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Fiscal and taxes

The once-skyrocketing sales of electric vehicles in Denmark have come crashing to a standstill, now that the country is phasing out the industry’s subsidies and special tax exemptions. Clearly, one of the lessons to be learned is that the industry depends too heavily on political favoritism for its survival. Equally as important is the fact that Denmark’s non-subsidized sectors face punitively high taxes and regulation. A case in point would be the country’s jaw-dropping 180 percent import tax — a tax that, until recently, was waived for the politically connected “green” auto industry. (Read more)

Government spending

The Reno City Council is set to receive another automatic pay raise this summer. The 2.5 percent increase will mean a salary of almost $80,000 for the mayor, and just over $73,000 for council members — a 33 percent increase since the automatic annual increases were approved in 2004. Of course, these figures do not take into account the other pay and benefits. Last year, for example, total compensation for the mayor was more than $121,000, according to TransparentNevada.com. Some of the benefits enjoyed by the Mayor and council members are cash perks, such as a $9,000 annual car allowance and a $1,800 annual cell phone allowance. (Read more)

Education

Once again, Nevada has been ranked as one of the worst states for education — ranking 49th in the “Kids Count Data Book.” The report comes after teacher unions and the public-school establishment effectively killed the state’s groundbreaking attempt to empower parents with Education Savings Accounts. Instead, thanks to these special interests, more tax money has been funneled into the same system that has repeatedly, and consistently, failed our younger generations. (Read more)

Cronyism

For more than a decade, Dr. Lee Birchansky has been fighting to open an outpatient surgical center attached to his doctor’s office, but has been unable to acquire the necessary “Certificate of Need” license from the state. Interestingly, while necessary for Birchansky’s surgical center, the license is not required for competing surgical centers located at and operated by hospitals. That probably explains why local area hospitals have relentlessly petitioned (successfully) for the state to reject his multiple requests for licensure. (Read more)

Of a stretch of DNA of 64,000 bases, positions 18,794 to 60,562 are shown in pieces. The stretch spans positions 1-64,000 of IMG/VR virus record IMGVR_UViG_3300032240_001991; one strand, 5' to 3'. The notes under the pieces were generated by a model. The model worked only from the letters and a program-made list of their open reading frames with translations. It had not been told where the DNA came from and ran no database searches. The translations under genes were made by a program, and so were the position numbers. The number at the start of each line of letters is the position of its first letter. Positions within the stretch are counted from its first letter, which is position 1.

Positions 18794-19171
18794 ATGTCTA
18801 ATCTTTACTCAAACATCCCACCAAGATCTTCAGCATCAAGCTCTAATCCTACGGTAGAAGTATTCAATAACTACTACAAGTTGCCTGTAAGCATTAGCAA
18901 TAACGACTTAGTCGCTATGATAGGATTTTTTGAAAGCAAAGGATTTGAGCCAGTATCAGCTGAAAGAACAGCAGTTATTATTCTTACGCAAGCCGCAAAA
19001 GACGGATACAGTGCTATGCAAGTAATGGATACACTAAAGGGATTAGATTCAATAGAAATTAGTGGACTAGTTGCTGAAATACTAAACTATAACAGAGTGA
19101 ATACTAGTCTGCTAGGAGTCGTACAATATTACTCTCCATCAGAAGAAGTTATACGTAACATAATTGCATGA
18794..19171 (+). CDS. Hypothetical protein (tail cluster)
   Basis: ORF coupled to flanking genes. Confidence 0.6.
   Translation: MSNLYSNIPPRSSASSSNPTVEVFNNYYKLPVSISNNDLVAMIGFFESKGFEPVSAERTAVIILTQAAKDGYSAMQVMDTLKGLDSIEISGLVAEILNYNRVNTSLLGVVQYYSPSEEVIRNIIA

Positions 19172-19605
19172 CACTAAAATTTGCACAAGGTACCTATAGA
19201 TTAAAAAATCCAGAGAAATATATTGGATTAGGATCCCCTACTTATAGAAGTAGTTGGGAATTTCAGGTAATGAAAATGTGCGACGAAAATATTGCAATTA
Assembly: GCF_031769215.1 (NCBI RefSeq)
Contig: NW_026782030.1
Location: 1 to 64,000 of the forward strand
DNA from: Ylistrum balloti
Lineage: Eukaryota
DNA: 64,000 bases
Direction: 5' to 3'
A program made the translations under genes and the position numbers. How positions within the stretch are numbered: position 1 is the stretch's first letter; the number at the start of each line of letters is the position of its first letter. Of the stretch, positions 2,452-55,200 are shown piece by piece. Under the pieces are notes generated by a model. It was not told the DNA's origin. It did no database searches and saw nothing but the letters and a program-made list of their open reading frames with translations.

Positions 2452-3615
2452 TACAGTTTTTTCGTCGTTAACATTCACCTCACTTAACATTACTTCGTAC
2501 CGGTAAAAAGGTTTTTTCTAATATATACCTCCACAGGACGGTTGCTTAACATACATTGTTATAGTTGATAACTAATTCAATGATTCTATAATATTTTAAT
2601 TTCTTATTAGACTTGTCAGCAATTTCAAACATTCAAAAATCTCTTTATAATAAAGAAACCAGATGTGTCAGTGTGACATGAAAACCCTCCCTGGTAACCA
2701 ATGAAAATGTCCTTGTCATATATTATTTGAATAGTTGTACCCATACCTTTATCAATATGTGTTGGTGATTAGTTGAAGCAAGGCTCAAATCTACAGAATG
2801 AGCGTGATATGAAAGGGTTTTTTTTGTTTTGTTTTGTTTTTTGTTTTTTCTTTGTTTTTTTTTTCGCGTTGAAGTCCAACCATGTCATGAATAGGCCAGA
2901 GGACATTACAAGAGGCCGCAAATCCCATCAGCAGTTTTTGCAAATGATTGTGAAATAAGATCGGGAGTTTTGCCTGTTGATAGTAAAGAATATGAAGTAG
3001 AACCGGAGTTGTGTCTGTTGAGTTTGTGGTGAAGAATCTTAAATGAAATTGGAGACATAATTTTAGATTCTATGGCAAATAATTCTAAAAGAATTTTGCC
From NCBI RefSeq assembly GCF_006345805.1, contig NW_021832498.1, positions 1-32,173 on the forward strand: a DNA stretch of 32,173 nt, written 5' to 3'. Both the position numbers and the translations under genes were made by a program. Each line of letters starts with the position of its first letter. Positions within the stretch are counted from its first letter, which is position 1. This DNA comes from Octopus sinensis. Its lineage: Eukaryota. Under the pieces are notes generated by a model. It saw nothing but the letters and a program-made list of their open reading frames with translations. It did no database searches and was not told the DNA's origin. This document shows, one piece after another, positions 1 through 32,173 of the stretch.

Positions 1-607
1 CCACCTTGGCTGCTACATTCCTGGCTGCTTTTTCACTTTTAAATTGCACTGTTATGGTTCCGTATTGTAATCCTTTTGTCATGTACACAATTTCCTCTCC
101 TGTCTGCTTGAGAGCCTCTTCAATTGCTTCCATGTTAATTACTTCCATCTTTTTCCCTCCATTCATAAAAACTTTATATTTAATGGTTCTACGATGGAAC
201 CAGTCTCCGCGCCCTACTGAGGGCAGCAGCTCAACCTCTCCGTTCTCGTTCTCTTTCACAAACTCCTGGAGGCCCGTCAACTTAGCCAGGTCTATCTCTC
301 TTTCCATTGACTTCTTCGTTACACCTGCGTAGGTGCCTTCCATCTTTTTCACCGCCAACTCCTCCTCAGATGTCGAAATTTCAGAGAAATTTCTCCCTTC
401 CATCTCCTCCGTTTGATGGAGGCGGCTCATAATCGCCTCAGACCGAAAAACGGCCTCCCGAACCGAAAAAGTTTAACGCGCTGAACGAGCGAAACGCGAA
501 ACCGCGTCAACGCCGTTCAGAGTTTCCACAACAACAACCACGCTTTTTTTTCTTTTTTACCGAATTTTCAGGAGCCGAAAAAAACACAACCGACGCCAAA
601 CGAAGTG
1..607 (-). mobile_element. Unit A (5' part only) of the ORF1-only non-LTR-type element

Healthcare

Free-market advocates continue to be skeptical of the Affordable Care Act “repeal” effort. In large part, that’s because the so-called “repeals,” so far, retain much of the law’s regulatory structure and instead merely issue limited waivers for certain specific provisions. The Texas Public Policy Foundation penned an opinion piece in the National Review that suggests a different approach worth considering: Change the “repeal” effort from a waiver-granted partial opt-out of Obamacare, to one in which states may voluntarily choose to opt in to Obamacare’s regulatory structure. Doing so, according to the column, would leave “other states fully free from Obamacare’s regulatory nightmare.” (Read more)


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